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How to Make Moisturizing Man's Work

A Moment With... Wayne Zink


Men's skin care is the mission impossible of the cosmetics business.

Convincing guys they need cleanser and moisturizer as much as women do is a challenge few companies have met--although many want a piece of this market (women's skin care products bring in more than $1 billion world-wide).

One is Zirh Skin Nutrition of Scottsdale, Ariz. Named after an ancient Sumerian warrior (in a vision that came to the company president while meditating), the product line debuted in April at all 14 Barneys stores.

Two floors and several light-years away from the retailer's cosmetics department in Beverly Hills, where in a few hours shoppers will walk on imported marble and lean against bleached sycamore cabinets, a Zirh sales training session is underway.

"Good morning," says Zirh President Wayne Zink to the assembly of 16 women and two men, all dressed in varying degrees of black. They do not laugh when he tells the meditation story (having probably heard similar tales of spiritual awakening from customers).

Zink introduces what he irreverently calls "the goop in the tubes" and expounds upon its virtues. Then he says something amazing: "It's a little unrealistic to claim that our product is the answer to all your customers' needs. So please don't tell anyone that Zirh will help them get all the chicks."

Pointing to a chart, he explains how male customers fall along a bell curve. "On the left is a little group that's very savvy about skin care. They aren't loyal to one brand but will cherry-pick items--a zit stick here, an eye cream there.

"And on the other side are men who wouldn't use skin care if you paid 'em. They wash their face with whatever is on the sink, even if it's Lava. But in the middle is a large group who buy nice suits, work out regularly, and watch what they eat and drink. And yet, we've found they don't know how to approach skin care!"

So keep it simple, he advises. Toward that end, Zirh labels its core products in third-grade terminology: Prevent, a skin nourishing vitamin; Clean, a face wash and shave lather; Correct, a post-shave skin soother; and Protect, a moisturizing sunscreen.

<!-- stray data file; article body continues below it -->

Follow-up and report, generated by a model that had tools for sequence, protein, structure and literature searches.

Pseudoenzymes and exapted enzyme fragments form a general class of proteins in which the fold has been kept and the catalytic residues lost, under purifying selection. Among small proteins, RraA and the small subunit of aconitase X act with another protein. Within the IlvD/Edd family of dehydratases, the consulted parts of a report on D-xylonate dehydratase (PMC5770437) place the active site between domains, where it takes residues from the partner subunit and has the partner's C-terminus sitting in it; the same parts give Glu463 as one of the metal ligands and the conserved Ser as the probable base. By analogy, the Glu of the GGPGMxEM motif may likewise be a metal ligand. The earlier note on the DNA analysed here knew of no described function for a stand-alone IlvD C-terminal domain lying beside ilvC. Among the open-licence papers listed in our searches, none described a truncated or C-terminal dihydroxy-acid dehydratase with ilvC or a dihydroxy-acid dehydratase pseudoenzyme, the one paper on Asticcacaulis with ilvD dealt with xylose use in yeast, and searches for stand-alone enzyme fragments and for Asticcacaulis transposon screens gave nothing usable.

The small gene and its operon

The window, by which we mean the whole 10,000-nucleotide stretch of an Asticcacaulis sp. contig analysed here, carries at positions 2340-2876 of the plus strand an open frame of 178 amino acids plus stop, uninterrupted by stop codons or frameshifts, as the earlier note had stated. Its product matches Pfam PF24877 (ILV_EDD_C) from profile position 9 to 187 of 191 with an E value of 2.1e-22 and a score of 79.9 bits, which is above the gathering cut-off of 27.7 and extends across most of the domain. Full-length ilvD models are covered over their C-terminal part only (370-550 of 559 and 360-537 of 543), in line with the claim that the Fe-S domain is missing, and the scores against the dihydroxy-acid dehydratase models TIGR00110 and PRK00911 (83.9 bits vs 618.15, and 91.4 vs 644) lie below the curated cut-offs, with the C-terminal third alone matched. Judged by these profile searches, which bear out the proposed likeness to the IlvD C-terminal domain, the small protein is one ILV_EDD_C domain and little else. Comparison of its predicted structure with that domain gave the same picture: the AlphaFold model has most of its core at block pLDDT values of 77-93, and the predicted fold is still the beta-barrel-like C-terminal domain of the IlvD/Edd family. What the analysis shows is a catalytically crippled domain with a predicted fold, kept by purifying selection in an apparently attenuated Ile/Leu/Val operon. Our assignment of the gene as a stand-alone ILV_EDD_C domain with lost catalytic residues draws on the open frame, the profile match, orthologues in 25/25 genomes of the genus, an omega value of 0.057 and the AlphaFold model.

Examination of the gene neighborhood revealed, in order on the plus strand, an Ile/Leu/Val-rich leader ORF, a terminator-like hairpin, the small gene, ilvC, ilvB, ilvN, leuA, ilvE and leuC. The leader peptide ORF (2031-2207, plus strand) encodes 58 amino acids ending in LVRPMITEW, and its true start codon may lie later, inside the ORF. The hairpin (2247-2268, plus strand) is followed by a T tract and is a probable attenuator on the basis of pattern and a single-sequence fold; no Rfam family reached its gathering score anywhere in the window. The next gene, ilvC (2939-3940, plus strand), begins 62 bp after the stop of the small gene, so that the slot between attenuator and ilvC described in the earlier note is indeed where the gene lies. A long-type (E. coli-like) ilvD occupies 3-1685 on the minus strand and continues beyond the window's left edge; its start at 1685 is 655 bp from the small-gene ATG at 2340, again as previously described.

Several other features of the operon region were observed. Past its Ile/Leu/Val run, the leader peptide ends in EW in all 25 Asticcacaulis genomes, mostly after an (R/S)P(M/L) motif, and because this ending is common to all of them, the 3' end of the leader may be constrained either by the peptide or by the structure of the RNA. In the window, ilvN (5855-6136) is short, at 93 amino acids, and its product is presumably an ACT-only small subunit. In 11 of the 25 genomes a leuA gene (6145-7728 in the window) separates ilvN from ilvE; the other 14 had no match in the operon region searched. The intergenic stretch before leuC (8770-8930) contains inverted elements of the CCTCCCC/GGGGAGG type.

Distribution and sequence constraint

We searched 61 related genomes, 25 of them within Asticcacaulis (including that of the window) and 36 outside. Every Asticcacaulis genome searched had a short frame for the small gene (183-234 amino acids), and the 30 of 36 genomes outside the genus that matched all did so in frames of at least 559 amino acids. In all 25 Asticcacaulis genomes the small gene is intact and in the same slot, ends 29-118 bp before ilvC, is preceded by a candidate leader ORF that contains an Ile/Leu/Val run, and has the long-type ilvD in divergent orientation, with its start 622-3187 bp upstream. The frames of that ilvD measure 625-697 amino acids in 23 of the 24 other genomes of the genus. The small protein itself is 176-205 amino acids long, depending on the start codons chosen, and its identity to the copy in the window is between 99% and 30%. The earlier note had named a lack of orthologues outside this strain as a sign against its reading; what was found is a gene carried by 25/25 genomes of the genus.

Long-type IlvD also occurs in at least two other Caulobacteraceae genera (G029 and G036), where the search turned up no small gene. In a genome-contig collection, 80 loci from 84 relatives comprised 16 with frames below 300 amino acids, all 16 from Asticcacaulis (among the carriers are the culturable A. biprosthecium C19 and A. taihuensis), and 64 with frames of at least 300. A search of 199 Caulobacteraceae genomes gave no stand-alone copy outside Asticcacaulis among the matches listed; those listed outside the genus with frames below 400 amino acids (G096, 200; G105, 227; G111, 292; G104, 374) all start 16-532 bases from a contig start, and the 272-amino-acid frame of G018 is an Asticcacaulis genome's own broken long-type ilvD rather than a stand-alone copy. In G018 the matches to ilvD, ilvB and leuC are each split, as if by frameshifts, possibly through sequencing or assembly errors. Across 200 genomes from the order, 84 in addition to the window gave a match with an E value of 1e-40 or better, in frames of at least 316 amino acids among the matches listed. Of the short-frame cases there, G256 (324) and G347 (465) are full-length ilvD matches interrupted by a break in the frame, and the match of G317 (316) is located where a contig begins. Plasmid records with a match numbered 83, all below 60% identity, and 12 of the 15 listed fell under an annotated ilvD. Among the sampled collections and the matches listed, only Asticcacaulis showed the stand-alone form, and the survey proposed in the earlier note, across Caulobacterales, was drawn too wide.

Zink explains that men often resist changing the way they shave. "They learn it at their father's knee and that's that," he says, "which is why we don't position Clean as a shaving cream. The way to sell it is to say, 'Here is a wonderful menthol / lemony cleanser that, oh by the way, you can shave with.' "

He coaches the salespeople to avoid beauty-industry lingo: "Words like 'tone' and 'exfoliate' make men uncomfortable," Zink says. But they relate to car and sports analogies, like "fuel your body with vitamins" and "tackle pimples."

And boy toys can be as useful as macho language. "Men like the concept of kits--think of a toolbox or fishing tackle," Zink says. "So that's why we like the Zirh starter kit," with four items that cost 40% more when sold separately.

Three other products targeting men with special problems, such as pimples and wrinkles, might be considered Zirh's varsity squad. There's Scrub, for weekly exfoliation; Fix, to clear acne; and Restore, an under-eye puffiness reducer.

"Ask the customer, 'Is your under-eye puffiness occasional?' If it is, then it's probably due to water retention, and Restore works great. But we can't work miracles on someone with fat pads under his eyes," Zink says, adding in a whisper, "for that you need surgery."

With that, an audience member pipes up: "Send them up the street," referring to Camden Drive, the plastic surgery row of Beverly Hills.

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